Countryw

3-Sep-07

mbi

$61.58

$6.00

(90.26%)

A Super Scary Halloween
Tale of 104 Basis Points Pt I & II, by Reggie Middleton

abk

$64.15

$2.10

(96.73%)

Ambac is Effectively
Insolvent & Will See More than $8 Billion of Losses with Just a $2.26
Billion in Equity

8-Sep-07

wm

$34.06

$6.27

(81.59%)

Yeah, Countrywide is pretty
bad, but it ain’t the only one at the subprime party… Comparing Countryw
and Washington Mutual get hits
hard - you were warned here about this in September!

16-Oct-07

ryl

$23.96

$24.00

0.17%

What does Reggie
Middleton and Ryland's Upper Management have in Common?

8-Jan-08

ggp

$45.75

$38.49

(15.87%)

Extensive: GGP
and the type of research you won’t get from a brokerage

19-Dec-07

ms

$49.79

$39.40

(20.87%)

Reggie Middleton on the
Street's Riskiest Bank - Update

Banks
below are part of the very recent Asset Securitization Crisis Series, click
here for the latest installment

23-May-08

WFC

$27.68

$25.80

(6.79%)

Doo-Doo bank drill down,
part 1 - Wells Fargo

BPOP

$11.22

$8.29

(26.11%)

Doo-Doo
Bank 32 drill down: Part 2 - Popular

STI

$52.99

$37.49

(29.25%)

Doo-Doo
Bank 32 Drill Down - part 3, Sun Trust Bank

KEY

$21.87

$11.28

(48.42%)

The
Deep Doo-Doo 32: Key Corp

SNV

$11.79

$8.85

(24.94%)

MI

$23.08

$17.50

(24.18%)

ASBC

$27.96

$22.09

(20.99%)

FCTR

$30.02

HBAN

$8.99

$5.72

(36.37%)

BBT

$32.73

$25.19

(23.04%)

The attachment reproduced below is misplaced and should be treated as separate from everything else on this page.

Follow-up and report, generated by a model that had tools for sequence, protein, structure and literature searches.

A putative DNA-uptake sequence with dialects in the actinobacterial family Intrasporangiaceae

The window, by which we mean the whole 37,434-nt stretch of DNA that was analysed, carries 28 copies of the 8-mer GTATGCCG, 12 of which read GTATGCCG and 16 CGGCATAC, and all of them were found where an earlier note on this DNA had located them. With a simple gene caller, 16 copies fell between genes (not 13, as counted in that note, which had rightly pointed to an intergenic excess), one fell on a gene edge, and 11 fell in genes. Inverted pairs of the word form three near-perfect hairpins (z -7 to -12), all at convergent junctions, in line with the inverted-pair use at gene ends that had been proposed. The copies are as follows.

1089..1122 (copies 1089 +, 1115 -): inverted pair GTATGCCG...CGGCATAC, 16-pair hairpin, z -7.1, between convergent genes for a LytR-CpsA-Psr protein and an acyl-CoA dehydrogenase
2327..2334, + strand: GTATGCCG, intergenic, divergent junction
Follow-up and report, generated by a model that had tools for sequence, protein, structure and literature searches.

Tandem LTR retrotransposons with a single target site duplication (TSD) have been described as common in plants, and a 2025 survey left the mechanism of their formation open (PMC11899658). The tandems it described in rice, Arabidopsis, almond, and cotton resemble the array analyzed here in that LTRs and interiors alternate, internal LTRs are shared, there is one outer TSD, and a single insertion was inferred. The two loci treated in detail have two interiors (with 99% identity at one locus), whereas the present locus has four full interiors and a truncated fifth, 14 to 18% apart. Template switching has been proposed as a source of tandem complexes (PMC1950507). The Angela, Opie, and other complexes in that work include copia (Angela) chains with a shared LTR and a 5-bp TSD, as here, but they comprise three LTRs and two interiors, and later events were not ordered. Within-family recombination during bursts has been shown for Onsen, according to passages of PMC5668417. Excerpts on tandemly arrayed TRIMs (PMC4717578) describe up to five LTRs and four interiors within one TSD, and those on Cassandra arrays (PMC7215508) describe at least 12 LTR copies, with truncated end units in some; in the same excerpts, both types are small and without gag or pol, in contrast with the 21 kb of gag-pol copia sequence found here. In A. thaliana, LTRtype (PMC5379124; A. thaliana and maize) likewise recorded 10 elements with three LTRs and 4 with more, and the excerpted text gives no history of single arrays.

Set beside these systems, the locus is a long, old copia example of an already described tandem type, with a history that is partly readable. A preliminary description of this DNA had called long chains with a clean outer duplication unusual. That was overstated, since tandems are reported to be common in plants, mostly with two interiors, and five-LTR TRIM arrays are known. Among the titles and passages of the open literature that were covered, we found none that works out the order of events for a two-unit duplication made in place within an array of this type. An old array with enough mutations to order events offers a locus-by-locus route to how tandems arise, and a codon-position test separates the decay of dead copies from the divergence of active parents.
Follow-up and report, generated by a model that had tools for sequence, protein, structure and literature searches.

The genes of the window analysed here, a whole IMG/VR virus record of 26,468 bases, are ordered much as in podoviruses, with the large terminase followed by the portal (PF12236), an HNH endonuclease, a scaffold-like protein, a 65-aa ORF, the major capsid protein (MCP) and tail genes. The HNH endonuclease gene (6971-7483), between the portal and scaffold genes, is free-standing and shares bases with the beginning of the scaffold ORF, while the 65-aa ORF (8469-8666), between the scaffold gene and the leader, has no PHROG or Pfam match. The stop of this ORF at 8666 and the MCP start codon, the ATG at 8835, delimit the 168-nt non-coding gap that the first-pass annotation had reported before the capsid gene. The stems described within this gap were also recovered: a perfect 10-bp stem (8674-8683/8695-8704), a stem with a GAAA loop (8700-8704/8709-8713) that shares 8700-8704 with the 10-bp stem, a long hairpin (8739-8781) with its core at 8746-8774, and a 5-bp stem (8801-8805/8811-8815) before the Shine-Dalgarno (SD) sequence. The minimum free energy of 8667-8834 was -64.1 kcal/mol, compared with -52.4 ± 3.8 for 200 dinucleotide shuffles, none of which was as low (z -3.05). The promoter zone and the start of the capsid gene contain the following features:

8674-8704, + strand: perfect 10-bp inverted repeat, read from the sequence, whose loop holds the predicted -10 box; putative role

JPM

$42.32

$39.12

(7.56%)

USB

$32.68

$30.42

(6.92%)

MTB

$87.65

$76.27

(12.98%)

BAC

$33.28

$28.60

(14.06%)

COF

$44.47

$42.74

(3.89%)

NARA

$12.44

$12.32

(0.96%)

SASR

$26.25

$20.33

(22.55%)

15-May-08

PNC

$69.39

$57.93

(16.52%)

The first
of my regional bank shorts to be posted to the blog...

HNBC

$13.26

$12.83

(3.24%)

CVBF

$10.19

$9.46

(7.16%)

GBCI

$19.95

$17.80

(10.78%)

FHN

$9.08

$8.09

(10.90%)

NCC

$5.65

$4.76

(15.75%)

RF

$18.13

$11.94

(34.14%)

29-Nov-07

C

$31.52

$20.47

(35.06%)

WB

$24.40

$17.08

(30.00%)

ZION

$42.81

$32.68

(23.66%)

TCBK

$15.34

$14.77

(3.72%)

FITB

$19.26

$11.09

(42.42%)

SOV

$8.51

$8.62

1.29%

GE

$28.97

$28.61

(1.24%)

GE: The Uber Bank???

According to this Bloomberg article, the boombustblog.com articles more than tripled
the performance of the best performing Wall Street analyst of the past year
,
and soundly out-performed ALL
of the analyst and brokerages house recommendations - most of whom had deeply
negative returns and failed to beat the broad markets. To translate the numbers